Modeling software spins up plans for floating wind turbines
Saaaaandia, where the wind comes sweeping 'cross the sea …
A novel offshore wind turbine design has been waiting for the right modeling software to come along to help make it a reality, and scientists reckon they've finally built it.
Wind turbines are typically built on rigid towers. The aforementioned offshore design would employ floating platforms able to access wind power in deeper waters, which is currently uneconomic to harvest.
Enter the eggheads at Sandia National Laboratory in the US, who this week announced they have finally coded the software needed to optimize a design for an offshore turbine the lab applied to patent in 2020: a towerless, vertical-axis wind turbine that floats on the surface of the water and uses guy-lines to change the shapes of its blades.
Concepts of Sandia's turbine design in good and bad weather
The software was built at Sandia, with funding from the Department of Energy's ATLANTIS program, which provides support for floating offshore wind turbine technology.
Offshore wind potential is huge, costly and far out to sea
Floating turbines, said Sandia's offshore wind technical lead Brandon Ennis, need a design tool able to simulate wind, waves, blade elasticity, the motion of the platform itself and its controllers. While there are tools out there that do this, Ennis explained they lack elements needed to design and optimize the sort of turbine Sandia was working on.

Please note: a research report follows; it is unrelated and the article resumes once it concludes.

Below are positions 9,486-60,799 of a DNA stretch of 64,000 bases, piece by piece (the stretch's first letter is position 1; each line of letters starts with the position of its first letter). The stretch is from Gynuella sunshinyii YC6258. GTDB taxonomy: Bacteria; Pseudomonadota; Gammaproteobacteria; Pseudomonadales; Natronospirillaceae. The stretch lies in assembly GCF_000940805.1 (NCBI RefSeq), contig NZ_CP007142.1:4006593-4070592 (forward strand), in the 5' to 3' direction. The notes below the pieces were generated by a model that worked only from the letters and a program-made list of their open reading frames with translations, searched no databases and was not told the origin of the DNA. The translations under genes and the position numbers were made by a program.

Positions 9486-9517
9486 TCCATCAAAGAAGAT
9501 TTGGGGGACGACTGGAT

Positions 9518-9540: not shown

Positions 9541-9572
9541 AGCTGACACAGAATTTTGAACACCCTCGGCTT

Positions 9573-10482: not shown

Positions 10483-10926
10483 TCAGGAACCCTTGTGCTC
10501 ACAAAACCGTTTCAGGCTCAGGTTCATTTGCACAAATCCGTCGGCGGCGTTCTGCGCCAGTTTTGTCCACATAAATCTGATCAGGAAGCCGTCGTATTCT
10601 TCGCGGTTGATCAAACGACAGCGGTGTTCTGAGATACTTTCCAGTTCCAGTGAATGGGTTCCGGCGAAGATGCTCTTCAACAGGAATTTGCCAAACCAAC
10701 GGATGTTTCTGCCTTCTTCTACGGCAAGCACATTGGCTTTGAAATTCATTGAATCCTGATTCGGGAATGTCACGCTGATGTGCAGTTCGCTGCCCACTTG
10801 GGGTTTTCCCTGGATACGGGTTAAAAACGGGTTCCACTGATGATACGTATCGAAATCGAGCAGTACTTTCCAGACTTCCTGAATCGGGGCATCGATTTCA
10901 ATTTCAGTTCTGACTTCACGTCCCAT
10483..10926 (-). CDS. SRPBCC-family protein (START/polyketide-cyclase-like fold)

"It was a big undertaking, but it was essential. There can't be a floating, vertical-axis wind turbine industry without a trusted tool like this," Ennis said.
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According to a 2020 report [PDF] from the US Department of the Interior's Bureau of Ocean Energy Management (BOEM), offshore wind projects beyond the 60-meter (197ft) mark are expected to transition from fixed-bottom structures to floating ones, with cost being a major factor.
As Sandia noted, much of the US's offshore wind capability lies in areas where the water is in excess of that limit. The Department of Energy added specificity, saying that 60 percent of offshore capability sits beyond 200 feet, where it "cannot be economically accessed today."
If all the energy in such inaccessible places could be harnessed with floating turbines, the DoE said, we could capture enough energy to meet current US electrical consumption numbers. This would go a long way toward proving the potential of renewable energy to support the US grid – something the DoE is currently trying to test.
"For us the question becomes how do we remove mass and cost from the system while maximizing energy capture," Ennis postulated.
Developing a floating wind industry
With the software tool ready, the Sandia team can get to work testing and optimizing their design. That will include tweaking things like height and radius. Sandia science communicator Dr Mollie Rappe told The Register that means the size of the turbine could vary, and Sandia notes the final design could differ as well.
In the release, Sandia said that its software tool was capable of modeling and testing designs for any type of vertical-access wind turbine, be it built with a central tower or guylines, meaning it could find a life with private entities working on similar turbines.
When asked if Sandia had plans to release the software to the public, Rappe told us that the lab wasn't likely to make it generally available, citing its niche function and limited use cases. These factors are also unlikely to make the software successful as an open-source project, she said.
That doesn't mean the Lab isn't ready to license the tool. Rappe told us that Sandia is "happy to discuss licensing it to design companies and researchers right now," and said any organizations interested in discussing it should contact Sandia's IP team. ®